16 Oct 2014

Test results into gastro bug revealed

5:32 pm on 16 October 2014

Government documents show people who ate lettuce and carrots from either New World or Pak n Save were more than twice as likely to have contracted a severe form of gastroenteritis.

The outbreak of Yersinia pseudotuberculosis affected 127 people with 38 needing hospital treatment

The study by the Institute for Environmental Science and Research was released under the Official Information Act.

It found Pam's Fresh Express mesculun salad and Pam's Fresh Express lettuce were the top two most common exposures among those who got sick.

But ESR said the information was not definitive and more investigation was needed.

Ministry for Primary Industries said it was still trying to identify the source of the outbreak.

The initial report, dated October 6, found those who became ill were more likely to have eaten raw lettuce or carrots, including those bagged under the Pam's brand, than those who were not ill.

A second report, dated October 8, listed several lettuce and carrot sources as being associated with illness.

The report found those who ate lettuce and carrots from either New World or Pak n Save were 2.33 times more likely as have contracted Yersinia pseudotuberculosis than those who shopped at rival supermarket chain Progressive Enterprises, which owns Countdown.

Those who bought lettuces from independent supermarkets were 4.08 times more likely to have become ill than those buying from Progressive Enterprises.

No new cases have been reported since the first week of October.

Supermarkets also investigate outbreak

The owner of New World and Pak n Save supermarket chains said its own investigations into the Yersinia outbreak have narrowed down the possible contamination to a single paddock from one of its South Auckland suppliers, Living Foods.

Foodstuffs said while the ESR reports do not provide a definitive answer, its conclusions were based on the timeline of events, the scientific reports from ESR, and its own reviews.

The paddock in question had now been quarantined and Foodstuffs had commissioned its own independent tests alongside those being carried out by the Ministry of Primary Industries.

Foodstuffs said the results from its own reviews are expected early next week and sample results being analysed by an independent laboratory were expected towards the end of the month.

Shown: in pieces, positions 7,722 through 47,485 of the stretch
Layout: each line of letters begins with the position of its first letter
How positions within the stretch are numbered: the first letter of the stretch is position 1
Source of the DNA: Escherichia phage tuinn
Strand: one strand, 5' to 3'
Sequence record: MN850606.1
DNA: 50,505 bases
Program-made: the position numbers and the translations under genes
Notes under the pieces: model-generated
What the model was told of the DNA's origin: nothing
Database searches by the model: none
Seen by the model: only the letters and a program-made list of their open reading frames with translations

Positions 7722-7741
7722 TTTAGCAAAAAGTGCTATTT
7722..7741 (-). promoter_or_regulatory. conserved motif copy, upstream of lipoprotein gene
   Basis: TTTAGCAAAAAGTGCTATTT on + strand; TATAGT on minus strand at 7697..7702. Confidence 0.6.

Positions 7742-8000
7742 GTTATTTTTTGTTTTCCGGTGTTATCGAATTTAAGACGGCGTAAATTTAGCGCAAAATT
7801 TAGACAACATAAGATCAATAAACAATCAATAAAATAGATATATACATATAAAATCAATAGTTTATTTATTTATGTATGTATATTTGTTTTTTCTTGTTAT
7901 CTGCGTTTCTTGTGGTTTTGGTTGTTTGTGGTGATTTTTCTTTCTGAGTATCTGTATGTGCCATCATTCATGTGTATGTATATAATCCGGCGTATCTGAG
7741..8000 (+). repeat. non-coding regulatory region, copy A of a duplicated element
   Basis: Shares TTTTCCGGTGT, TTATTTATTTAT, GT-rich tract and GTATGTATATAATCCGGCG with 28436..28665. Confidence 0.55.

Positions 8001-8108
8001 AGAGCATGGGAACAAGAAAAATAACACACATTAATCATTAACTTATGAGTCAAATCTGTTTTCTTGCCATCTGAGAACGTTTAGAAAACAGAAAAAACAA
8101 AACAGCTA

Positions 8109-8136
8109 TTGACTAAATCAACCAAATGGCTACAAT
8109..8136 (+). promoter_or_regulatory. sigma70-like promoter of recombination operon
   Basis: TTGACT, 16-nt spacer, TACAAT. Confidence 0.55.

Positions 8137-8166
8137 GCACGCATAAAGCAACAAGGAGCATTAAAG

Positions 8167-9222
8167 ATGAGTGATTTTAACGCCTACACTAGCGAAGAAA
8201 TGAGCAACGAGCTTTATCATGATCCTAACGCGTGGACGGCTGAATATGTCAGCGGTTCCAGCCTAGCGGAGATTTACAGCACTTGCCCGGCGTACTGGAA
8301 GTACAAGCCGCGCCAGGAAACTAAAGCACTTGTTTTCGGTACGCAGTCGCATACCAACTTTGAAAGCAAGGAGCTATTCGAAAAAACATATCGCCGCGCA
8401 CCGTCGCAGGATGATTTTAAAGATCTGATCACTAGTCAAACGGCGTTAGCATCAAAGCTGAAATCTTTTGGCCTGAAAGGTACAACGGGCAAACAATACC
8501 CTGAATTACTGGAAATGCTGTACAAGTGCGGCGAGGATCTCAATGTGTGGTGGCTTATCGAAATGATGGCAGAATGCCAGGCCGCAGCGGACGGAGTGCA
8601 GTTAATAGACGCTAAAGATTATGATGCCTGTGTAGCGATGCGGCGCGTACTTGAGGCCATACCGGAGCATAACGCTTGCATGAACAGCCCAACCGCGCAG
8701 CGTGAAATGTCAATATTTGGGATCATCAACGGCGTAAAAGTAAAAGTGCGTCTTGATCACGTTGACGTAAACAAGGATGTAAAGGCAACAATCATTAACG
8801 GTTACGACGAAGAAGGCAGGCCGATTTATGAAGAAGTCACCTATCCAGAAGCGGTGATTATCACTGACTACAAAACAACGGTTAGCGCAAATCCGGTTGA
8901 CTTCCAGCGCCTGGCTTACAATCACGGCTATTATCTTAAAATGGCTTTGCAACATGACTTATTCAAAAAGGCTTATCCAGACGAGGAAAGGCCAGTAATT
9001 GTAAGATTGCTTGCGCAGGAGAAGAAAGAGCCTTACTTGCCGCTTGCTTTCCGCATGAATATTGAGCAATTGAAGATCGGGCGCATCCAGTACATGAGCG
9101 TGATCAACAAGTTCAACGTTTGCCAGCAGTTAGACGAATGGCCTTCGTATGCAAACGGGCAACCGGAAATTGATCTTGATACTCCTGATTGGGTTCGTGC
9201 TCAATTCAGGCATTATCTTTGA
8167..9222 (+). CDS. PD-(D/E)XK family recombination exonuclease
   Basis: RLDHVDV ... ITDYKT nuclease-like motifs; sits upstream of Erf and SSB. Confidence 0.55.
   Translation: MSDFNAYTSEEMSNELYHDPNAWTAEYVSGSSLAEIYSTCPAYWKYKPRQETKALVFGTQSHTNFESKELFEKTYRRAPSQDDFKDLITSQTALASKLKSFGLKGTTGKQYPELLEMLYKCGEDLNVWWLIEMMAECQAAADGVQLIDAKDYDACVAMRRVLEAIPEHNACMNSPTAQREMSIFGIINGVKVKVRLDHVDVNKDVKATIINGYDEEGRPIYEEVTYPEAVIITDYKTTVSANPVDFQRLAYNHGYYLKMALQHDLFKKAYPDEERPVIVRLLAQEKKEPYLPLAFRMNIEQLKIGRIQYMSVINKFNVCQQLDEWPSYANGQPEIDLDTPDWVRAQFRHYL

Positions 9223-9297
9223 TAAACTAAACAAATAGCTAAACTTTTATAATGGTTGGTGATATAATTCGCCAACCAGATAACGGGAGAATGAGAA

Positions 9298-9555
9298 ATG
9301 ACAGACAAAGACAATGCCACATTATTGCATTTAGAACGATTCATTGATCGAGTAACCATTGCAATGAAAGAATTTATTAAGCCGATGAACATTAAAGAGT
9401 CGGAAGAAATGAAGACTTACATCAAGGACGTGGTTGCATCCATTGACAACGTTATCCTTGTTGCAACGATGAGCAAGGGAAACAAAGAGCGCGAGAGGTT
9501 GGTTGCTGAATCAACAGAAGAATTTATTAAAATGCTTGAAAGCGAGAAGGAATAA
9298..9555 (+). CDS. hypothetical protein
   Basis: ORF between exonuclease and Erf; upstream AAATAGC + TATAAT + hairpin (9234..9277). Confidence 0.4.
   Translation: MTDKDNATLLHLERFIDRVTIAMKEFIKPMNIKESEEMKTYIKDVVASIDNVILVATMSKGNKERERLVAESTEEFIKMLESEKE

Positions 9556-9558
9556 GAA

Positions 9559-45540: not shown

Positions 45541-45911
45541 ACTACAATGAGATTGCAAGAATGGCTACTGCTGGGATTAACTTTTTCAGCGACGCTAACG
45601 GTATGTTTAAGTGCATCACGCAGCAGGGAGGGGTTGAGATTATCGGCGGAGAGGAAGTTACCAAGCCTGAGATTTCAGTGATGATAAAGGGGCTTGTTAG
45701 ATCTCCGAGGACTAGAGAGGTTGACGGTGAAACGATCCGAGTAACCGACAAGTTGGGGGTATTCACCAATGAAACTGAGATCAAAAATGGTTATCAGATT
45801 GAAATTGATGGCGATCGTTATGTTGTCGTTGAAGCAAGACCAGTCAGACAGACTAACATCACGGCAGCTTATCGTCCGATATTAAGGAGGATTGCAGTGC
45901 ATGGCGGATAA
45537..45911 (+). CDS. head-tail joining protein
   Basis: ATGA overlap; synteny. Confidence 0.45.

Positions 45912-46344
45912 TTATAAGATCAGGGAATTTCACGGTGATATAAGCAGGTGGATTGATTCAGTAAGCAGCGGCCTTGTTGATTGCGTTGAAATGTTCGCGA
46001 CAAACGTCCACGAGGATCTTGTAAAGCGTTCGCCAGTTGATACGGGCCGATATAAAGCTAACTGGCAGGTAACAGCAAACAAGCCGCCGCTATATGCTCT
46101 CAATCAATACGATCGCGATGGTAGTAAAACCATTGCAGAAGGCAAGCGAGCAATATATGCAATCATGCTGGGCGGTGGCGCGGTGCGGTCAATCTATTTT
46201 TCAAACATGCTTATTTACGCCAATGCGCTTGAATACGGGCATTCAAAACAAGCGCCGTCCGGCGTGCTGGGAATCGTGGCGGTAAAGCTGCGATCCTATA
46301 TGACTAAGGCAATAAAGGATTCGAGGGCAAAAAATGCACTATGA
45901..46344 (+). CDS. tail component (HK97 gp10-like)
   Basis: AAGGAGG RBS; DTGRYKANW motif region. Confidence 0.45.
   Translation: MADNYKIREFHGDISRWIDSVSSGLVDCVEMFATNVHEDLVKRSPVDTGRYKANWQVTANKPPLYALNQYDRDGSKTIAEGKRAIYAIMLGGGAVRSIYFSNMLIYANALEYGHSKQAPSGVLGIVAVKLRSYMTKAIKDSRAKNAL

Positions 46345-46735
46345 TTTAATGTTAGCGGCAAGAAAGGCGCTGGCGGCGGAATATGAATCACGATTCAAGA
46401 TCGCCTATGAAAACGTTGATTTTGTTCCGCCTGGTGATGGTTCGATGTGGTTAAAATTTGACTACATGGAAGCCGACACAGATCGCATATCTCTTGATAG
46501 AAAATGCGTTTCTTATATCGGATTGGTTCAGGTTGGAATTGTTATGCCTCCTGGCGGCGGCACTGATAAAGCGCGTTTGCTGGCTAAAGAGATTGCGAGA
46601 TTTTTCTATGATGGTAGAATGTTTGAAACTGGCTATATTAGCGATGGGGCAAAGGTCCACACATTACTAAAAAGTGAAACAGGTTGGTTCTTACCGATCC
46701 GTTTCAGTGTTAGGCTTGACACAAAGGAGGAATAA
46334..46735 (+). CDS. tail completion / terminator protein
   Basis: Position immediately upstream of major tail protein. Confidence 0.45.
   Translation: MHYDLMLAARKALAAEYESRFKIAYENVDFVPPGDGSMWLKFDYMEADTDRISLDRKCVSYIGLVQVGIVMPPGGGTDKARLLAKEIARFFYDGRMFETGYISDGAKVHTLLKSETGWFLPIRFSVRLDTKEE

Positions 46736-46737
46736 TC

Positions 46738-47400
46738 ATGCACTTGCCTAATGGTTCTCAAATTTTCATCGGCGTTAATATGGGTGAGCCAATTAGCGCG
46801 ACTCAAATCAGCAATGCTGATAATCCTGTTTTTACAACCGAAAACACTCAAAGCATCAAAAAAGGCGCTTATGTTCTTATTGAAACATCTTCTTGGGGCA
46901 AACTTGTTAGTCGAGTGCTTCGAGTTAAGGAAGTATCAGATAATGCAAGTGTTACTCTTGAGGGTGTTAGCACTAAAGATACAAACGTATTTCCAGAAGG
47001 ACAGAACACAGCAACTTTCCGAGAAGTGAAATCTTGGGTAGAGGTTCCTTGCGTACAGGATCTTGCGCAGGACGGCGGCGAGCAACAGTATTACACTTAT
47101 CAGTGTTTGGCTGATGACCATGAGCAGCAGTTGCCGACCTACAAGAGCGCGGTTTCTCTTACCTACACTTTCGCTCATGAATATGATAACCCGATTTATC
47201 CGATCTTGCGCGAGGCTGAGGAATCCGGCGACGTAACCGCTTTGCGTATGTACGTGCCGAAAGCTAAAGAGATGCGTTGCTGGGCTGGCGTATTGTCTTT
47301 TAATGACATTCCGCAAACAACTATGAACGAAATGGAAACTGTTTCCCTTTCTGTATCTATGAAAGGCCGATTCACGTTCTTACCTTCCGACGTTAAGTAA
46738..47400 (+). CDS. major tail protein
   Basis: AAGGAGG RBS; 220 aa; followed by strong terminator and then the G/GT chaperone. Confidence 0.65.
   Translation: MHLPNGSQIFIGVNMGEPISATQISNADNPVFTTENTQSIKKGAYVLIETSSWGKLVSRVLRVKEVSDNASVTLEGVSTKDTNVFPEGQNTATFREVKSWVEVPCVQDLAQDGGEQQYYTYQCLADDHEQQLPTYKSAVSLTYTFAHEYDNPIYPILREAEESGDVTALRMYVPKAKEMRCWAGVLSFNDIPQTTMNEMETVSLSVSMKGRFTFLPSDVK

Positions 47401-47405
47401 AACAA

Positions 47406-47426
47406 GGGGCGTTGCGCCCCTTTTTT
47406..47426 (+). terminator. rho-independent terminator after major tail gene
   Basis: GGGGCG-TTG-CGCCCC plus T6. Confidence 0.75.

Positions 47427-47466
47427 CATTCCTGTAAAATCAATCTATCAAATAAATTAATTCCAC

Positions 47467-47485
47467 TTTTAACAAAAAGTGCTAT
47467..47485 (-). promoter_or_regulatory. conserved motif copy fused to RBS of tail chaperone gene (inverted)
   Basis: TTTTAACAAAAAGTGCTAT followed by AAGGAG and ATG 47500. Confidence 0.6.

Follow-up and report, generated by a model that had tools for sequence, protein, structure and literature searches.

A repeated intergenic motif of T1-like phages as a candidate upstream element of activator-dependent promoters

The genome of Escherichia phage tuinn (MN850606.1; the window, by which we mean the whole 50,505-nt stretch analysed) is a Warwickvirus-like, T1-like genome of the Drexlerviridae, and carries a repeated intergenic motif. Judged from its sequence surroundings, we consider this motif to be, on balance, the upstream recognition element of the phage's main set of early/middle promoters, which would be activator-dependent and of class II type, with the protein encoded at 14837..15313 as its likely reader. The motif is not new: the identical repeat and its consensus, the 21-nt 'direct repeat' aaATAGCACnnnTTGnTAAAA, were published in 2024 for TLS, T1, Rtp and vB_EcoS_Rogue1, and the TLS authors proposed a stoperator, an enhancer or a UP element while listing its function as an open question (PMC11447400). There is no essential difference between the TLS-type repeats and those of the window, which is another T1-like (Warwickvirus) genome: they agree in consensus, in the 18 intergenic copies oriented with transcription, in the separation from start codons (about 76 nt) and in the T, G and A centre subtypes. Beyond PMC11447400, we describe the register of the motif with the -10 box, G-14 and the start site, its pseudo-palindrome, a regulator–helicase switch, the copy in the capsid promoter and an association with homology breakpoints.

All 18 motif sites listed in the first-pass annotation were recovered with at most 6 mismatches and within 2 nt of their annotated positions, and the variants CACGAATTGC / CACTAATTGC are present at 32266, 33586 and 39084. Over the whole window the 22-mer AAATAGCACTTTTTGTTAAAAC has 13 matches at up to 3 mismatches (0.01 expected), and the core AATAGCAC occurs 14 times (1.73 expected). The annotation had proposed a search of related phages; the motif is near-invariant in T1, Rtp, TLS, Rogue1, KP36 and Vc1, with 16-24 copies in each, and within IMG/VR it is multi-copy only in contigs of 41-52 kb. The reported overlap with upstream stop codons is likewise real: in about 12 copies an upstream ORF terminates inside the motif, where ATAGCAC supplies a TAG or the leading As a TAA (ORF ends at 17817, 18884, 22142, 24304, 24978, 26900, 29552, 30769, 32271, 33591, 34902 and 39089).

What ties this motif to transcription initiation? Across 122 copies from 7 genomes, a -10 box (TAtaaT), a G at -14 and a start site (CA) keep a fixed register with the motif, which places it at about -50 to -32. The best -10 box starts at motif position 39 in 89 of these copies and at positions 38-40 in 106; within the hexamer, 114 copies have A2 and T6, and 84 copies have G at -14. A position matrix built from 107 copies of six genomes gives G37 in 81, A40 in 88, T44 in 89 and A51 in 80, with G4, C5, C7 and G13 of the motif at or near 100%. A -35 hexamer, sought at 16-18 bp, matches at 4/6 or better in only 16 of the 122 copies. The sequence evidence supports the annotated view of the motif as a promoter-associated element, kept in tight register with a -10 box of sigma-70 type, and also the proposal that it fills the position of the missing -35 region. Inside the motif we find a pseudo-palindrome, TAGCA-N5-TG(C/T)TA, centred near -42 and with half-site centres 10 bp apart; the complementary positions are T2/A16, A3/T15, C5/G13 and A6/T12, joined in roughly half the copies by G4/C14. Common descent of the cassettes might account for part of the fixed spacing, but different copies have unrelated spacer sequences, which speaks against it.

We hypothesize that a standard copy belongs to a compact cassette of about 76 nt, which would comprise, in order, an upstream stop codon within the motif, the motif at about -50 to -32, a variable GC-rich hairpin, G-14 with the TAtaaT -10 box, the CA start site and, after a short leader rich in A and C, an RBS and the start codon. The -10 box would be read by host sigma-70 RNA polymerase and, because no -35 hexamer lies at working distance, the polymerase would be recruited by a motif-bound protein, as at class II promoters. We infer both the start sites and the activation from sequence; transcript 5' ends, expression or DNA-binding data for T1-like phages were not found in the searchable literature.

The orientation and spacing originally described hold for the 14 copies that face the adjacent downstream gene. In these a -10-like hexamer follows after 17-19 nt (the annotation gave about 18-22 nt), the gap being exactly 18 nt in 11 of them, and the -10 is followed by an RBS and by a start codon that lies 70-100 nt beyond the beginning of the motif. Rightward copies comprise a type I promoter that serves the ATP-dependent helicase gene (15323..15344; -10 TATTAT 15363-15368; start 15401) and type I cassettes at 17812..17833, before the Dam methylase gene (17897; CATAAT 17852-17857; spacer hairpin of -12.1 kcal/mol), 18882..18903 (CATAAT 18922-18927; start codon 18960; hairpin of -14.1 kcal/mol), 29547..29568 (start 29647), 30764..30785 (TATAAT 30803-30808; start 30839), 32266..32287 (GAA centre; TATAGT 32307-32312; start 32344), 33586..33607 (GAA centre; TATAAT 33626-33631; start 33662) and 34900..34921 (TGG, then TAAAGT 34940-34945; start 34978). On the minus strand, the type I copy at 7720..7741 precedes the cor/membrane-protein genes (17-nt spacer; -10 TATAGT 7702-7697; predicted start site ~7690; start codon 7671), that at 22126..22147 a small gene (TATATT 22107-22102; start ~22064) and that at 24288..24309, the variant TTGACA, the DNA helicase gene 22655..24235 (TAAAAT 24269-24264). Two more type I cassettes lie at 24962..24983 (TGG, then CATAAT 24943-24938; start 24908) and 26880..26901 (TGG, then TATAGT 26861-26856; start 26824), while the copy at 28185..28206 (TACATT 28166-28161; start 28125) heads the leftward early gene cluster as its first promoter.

The company said it was determined to get to the bottom of the cause of the outbreak, regardless of whether its products were involved or not.

MPI criticised

Labour's food safety spokesman, Damien O'Connor, said the data should have been made public over a week ago.

Mr O'Connor said the Ministry for Primary Industries's response that the study is not definitive is limp, and the public should have been told.

He said there was enough information to have allowed the Ministry to have identified the products.

On Monday, Canterbury medical officer of health Alistair Humphrey also criticised the Ministry's refusal to either release the types of products identified in ESR's report or the supermarket named in it.

MPI's Scott Gallacher said the information released last week had been preliminary and had fuelled speculation, today.

"It is important to stop the speculation as to what foods are being investigated, which is why we are releasing the case-control studies from ESR today."

He said the studies showed there was a range of foods, including lettuce, that needed further investigation to determine if they were the source of the illness.

"Lettuce is a very commonly consumed food, which was consumed throughout this outbreak with the vast majority of consumer not becoming ill."

Most of the patients surveyed remembered eating lettuce, but only eight out of the 96 remembered a specific brand.

"It is not a simple situation where we can recall a single product. It is not definitely linked to any one provider, distributor, wholesaler or retailer," Gallacher said.

He said more work is needed to identify the source of the outbreak.

MPI advised people to continue normal food safety practice, including throwing out food that looked or smelled off.

Fresh food should be kept chilled and fruit and vegetables should be washed before they were eaten.

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